After reading Allen Barra's story on the two new books about Dylan's Greenwich Village years, it's pretty obvious that he considers rock music to be superior to folk music, and it's also pretty obvious (to me) that he has an underdeveloped notion of his own subjective personal taste in music.
I will say this: Mr. Barra posits Pete Seeger as the leader of the musical dark side that Dylan turned from in the '60s. But besides being a great musician and scholar of music, Pete Seeger brought much more light and goodness to the world than Allen Barra ever will.
-- Stephen Buckalew
In reading Allen Barra's review of the Bob Dylan biographies, I was left with the same impression as when I read stories about the Beatles. In both cases, the stories of the lives of these cultural icons are not as interesting as the music they created.
Having done my undergraduate work in Minnesota, I heard rumors about Dylan that were not very flattering. It matters not. What matters is that he wrote incredibly powerful songs, and those songs became the catalysts and the theme music for an entire generation.
As with the Beatles, I feel I know Dylan, but only in the sense that the music speaks to me on some mythical level. I once asked an artist what his painting meant, and he answered, "Whatever it means to you, man." It is one of my all-time favorite answers. The important thing about Bob Dylan, and the Beatles as well, is what they meant and still mean to us. I don't need a biography for that.
-- John Hamilton
Allen Barra finishes his article "Don't Look Back" with this paragraph:
The rest of the story, as we all know, is history. But history can sometimes be pretty boring, so if you haven't been enthralled by Dylan since the Jimmy Carter era, you should stick with Hajdu's book, which leaves Bob Dylan where we want to remember him -- stuck inside of Mobile with the Memphis blues again. For God's sake, and for Bob's and ours, let's leave him there.
This -- carefully ambiguous though it is -- seems to be the sum and gist of Barra's piece, and as such I'd like to ask a few questions about it, because the article was, on the whole, rather slippery.
Why do we care about people who haven't been enthralled with Dylan since the Jimmy Carter era? They've already lost credibility. They're probably not even reading this article.
Why do we want to remember Dylan as stuck inside of Mobile with the Memphis blues again? This statement is wrong in so many ways. I'm not sure it is even understandable.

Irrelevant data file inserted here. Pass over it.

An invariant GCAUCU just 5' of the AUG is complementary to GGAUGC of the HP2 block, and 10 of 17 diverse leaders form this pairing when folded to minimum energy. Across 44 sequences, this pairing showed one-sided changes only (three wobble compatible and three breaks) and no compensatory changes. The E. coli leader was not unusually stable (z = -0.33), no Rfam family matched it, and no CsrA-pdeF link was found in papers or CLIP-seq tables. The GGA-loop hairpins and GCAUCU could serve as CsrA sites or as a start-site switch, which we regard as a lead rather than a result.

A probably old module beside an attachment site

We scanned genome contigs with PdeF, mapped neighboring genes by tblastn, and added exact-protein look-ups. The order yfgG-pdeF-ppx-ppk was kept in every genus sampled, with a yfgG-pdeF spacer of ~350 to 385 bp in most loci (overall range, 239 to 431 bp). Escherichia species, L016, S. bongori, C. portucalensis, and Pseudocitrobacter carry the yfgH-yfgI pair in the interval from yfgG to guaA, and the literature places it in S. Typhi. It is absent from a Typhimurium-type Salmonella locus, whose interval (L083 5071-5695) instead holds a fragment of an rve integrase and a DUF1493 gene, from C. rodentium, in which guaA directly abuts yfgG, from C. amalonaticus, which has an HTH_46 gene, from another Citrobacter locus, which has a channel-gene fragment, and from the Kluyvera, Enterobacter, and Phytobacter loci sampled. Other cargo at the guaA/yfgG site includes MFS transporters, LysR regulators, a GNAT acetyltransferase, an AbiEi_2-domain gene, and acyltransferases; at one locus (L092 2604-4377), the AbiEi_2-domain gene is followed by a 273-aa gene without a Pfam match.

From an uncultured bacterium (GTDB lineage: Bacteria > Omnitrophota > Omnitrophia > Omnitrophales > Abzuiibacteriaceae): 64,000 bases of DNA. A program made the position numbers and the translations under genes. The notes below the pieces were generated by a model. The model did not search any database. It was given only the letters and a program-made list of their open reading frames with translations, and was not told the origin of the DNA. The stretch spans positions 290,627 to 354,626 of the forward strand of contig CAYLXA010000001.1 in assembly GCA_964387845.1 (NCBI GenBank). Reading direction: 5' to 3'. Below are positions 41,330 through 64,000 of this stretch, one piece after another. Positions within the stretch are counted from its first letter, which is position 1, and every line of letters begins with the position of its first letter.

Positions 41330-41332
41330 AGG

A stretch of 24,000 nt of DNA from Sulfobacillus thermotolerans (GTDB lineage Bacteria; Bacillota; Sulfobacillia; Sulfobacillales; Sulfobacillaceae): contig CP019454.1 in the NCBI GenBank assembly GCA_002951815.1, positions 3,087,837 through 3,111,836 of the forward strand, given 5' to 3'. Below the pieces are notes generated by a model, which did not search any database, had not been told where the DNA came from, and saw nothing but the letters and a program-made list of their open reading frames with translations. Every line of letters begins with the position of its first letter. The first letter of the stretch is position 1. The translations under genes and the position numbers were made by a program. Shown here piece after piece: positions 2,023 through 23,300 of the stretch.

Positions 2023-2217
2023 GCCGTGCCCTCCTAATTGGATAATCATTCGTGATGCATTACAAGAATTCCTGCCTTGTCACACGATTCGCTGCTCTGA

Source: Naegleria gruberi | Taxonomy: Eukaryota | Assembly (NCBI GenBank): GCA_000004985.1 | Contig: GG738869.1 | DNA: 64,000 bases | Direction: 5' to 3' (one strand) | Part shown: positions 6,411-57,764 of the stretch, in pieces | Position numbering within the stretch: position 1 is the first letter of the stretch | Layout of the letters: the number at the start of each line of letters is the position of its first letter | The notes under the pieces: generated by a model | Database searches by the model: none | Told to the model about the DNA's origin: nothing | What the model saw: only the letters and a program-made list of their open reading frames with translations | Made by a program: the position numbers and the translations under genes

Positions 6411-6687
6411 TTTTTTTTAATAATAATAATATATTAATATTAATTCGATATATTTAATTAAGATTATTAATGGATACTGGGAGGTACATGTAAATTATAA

Why would God or Bob or any of us want to leave him there? By writing this piece, Allen Barra is not leaving him there. I know I don't want to leave him there, nor could I if I wanted to. It is impossibile both figuratively and literally.
I could go on. My basic comment is this: If you're going to write something, be clear about it. The purpose, after all, is to communicate, right? (As the reader, I've tried to do my part.) As a Bob Dylan fan, I'm agitated by what seems to be negative criticism hiding within vague, ambiguous, indirect and "poetic" language.
-- Nels Hefty
Allen Barra's review of two new Dylan books was pure tripe!
So Dylan didn't really like the old-time folk music? If he was just using it to launch his career, why did he make two nuanced, haunting albums in the early '90s that reinterpreted old folk and blues tunes? "Good as I Been to You" won a Grammy or two.
Where does Barra's self-righteous contempt for Joan Baez et al. come from? Maybe sportswriters have to compensate for the triviality of their subject matter by trashing everyone else.
Who knows? Here in the real world, we'll continue enjoying Dylan's old stuff, new stuff and everything in between. Keep on creating, Bob.
-- Todd Ojala
Allen Barra's boneheaded rant serves only to underscore the point that if you hate folk music, you shouldn't be writing about Bob Dylan, for whom traditional music is an enduring -- indeed, the deepest -- of all influences (as, for one, Greil Marcus documents in the brilliant "Invisible Republic"). No great artist has plumbed the dark soul of traditional music to such profound effect as Dylan has. To dismiss this central fact of his creative life, in favor of the grotesque view that he's only a kind of failed Elvis, is to suggest that it's time Barra checked in for an overdue ear and brain examination.
-- Jerome Clark
Thank you, Allen Barra, for your piece of consumer reporting on the Bob Dylan biographies. Too often these tomes are reviewed as they are written, by hagiographic hacks. Your ear for rock 'n' roll and impatience with pretension mirrors those of savvy Dylan heads everywhere who have had little patience for the Seeger-Baez dogma.
I would have expected the better of these books to come from David Hajdu, considering the masterful job he did with "Lush Life," on Billy Strayhorn.
Thanks for saving my nickel on the Sounes book. Life's too short to read twaddle from somebody whose soul can't oo-mow-mow.
-- Chris DuPre